Whatever Jose Canseco's reputation is, he may or may not be telling the truth in "Juiced." Vague accusations and unverifiable assertions abound. But once in a while, Canseco writes things that can be factually checked.
So is the book, as Canseco's attorney, Robert Saunooke, told Mike and Mike on ESPN radio, "100 percent" accurate. Is Jose a "very reliable" and "very credible" writer?
Let's have a look ...
On his rookie season (1986):
- We went to Detroit ... Walt Terrell gave me a good pitch to hit. I
took a big swing and hit a home run to center field that ended up in
the Tiger Stadium upper deck. They told me afterward that I had
already hit a home run in every AL ballpark as a rookie.
-- p. 65
Canseco didn't hit a home run in Detroit in 1986. Or in Kansas City, for that matter. So what "they" told him about hitting a homer in every ballpark as a rookie was wrong, even if you take into account his 1985 September callup.
According to Retrosheet, Jose went 4-for-8 (three singles and a triple) in three games against Terrell in 1986. That monster shot? Canseco is probably remembering Mark McGwire's first major league homer, a colossal 450-foot blast off Terrell in Detroit on August 25.
* * * * *
On Bret Boone:
- I remember one day during 2001 spring training, when I was with the
Anaheim Angels in a game against the Seattle Mariners, Bret Boone's
new team. I hit a double, and when I got out there to second base I
got a good look at Boone. I couldn't believe my eyes. He was enormous.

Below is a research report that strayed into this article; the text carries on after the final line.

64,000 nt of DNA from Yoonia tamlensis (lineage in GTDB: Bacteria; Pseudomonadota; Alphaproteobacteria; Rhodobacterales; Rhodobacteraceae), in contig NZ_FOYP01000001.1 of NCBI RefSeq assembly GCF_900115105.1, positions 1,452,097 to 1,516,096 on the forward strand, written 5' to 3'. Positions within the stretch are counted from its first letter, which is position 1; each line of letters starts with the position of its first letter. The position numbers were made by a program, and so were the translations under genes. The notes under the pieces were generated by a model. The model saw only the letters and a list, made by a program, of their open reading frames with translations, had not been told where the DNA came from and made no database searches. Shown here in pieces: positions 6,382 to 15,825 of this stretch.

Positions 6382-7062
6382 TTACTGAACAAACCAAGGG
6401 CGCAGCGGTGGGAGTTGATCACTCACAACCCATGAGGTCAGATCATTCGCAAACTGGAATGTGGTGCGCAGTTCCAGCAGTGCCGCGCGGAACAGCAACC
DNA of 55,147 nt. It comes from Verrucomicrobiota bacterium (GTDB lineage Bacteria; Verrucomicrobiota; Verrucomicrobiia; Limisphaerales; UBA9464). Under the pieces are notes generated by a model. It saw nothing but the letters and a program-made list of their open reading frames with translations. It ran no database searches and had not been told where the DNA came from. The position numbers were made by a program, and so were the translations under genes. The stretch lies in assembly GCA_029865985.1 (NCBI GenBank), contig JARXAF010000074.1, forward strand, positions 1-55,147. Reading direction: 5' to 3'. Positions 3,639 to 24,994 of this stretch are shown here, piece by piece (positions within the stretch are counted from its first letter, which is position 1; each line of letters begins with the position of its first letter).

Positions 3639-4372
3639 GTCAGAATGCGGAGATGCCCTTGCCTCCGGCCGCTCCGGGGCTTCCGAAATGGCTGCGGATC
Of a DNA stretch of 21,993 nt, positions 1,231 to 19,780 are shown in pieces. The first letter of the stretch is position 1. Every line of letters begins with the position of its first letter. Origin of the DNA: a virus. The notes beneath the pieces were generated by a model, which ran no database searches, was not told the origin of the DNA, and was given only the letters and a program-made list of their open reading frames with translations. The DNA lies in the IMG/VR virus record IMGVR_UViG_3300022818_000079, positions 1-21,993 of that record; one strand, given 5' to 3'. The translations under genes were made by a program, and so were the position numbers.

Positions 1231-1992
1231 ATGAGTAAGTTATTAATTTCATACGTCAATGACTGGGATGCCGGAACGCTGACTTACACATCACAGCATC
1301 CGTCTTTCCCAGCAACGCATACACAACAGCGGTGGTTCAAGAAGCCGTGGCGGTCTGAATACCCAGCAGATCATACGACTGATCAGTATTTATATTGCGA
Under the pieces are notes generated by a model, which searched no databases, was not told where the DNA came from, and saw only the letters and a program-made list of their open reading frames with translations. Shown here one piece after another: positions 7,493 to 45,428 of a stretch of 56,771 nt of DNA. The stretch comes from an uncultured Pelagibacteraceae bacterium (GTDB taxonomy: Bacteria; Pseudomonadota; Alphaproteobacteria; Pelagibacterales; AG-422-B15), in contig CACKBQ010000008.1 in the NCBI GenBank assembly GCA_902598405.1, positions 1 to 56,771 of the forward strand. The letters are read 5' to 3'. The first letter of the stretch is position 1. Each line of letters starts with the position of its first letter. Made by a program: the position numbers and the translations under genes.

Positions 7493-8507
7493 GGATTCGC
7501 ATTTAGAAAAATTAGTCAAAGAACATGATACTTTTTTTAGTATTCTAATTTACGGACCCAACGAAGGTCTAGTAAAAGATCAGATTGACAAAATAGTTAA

"Oh my God," I said to him. "What have you been doing?"
"Shhh," he said. "Don't tell anybody." Whispers like that were a sign that you were part of the club ...
-- p. 264
This conversation almost certainly didn't take place.
The Mariners and Angels played five spring training games in 2001.
On Friday, March 2, the Angels beat the Mariners, 5-2. Jose went 0-for-2 as a DH, and did not reach base.
On Friday, March 9, the Mariners beat the Angels, 8-3. Canseco struck out twice in two at-bats. Boone did not play.
On Sunday, March 11, the Angels beat the Mariners, 5-4. Neither Canseco or Boone played.
On Monday, March 12, a Mariners split-squad beat an Angels split squad, 4-2. Canseco did not play.
On Tuesday, March 27, the Mariners beat the Angels, 15-2. Canseco did not play.
In spring training 2001, Canseco hit only one double in 39 at bats. He did not steal a base.
* * * * *
On the 2000 Subway Series against the Mets:
- In Game 6, though, I was sitting there on the Yankee bench on a
cold night at Shea Stadium ... But all of a sudden, Torre called down
to me. "Canseco, you're hitting." ...
I went up to the plate to pinch-hit for David Cone, and it was bad. Three strikes and you're out.
-- pp. 232-233
As Rob Neyer pointed out, there was no Game 6 of the 2000 World Series.
Canseco batted for Cone in Game 4, and it was an important at-bat in a close game. The Yankees led 3-2 with two on and two out when Jose did strike out looking, on a 2-2 pitch.
That's a detail most players wouldn't want to be fuzzy about.
* * * * *
On breaking through to the majors:
- I was very aware that baseball was closed to a young Latino like me ... Many talented young athletes were playing street baseball in Cuba, Puerto Rico, the Domincan Republic,
and many other Latin American countries, but the barriers to breaking
into the major leagues were almost impossible for most to get around.
-- p. 39
Here's how "closed" baseball was in 1982, the year which he is writing about: 29 Puerto Ricans and 33 Dominicans played in the majors that season. That's 62 players -- I stopped counting after that -- breaking the "impossible" barriers.
Among those 62: Jose Cruz, two-time All-Star; Sixto Lezcano, 1979 Gold Glover; Willie Hernandez, the 1984 AL MVP and Cy Young Award winner.
* * * * *
More on his rookie season:
- I was glad to get back to Oakland after the All-Star break ... I
started the second half going 0-for-40 ... it was the worst slump of my
-- p. 64
Canseco did have an 0-for-40 run that began on Aug. 8, 108 games into the season, but coming back from the All-Star break, he went 2-for-4 in his first game, and 7-for-37 in the first 10 games following the break.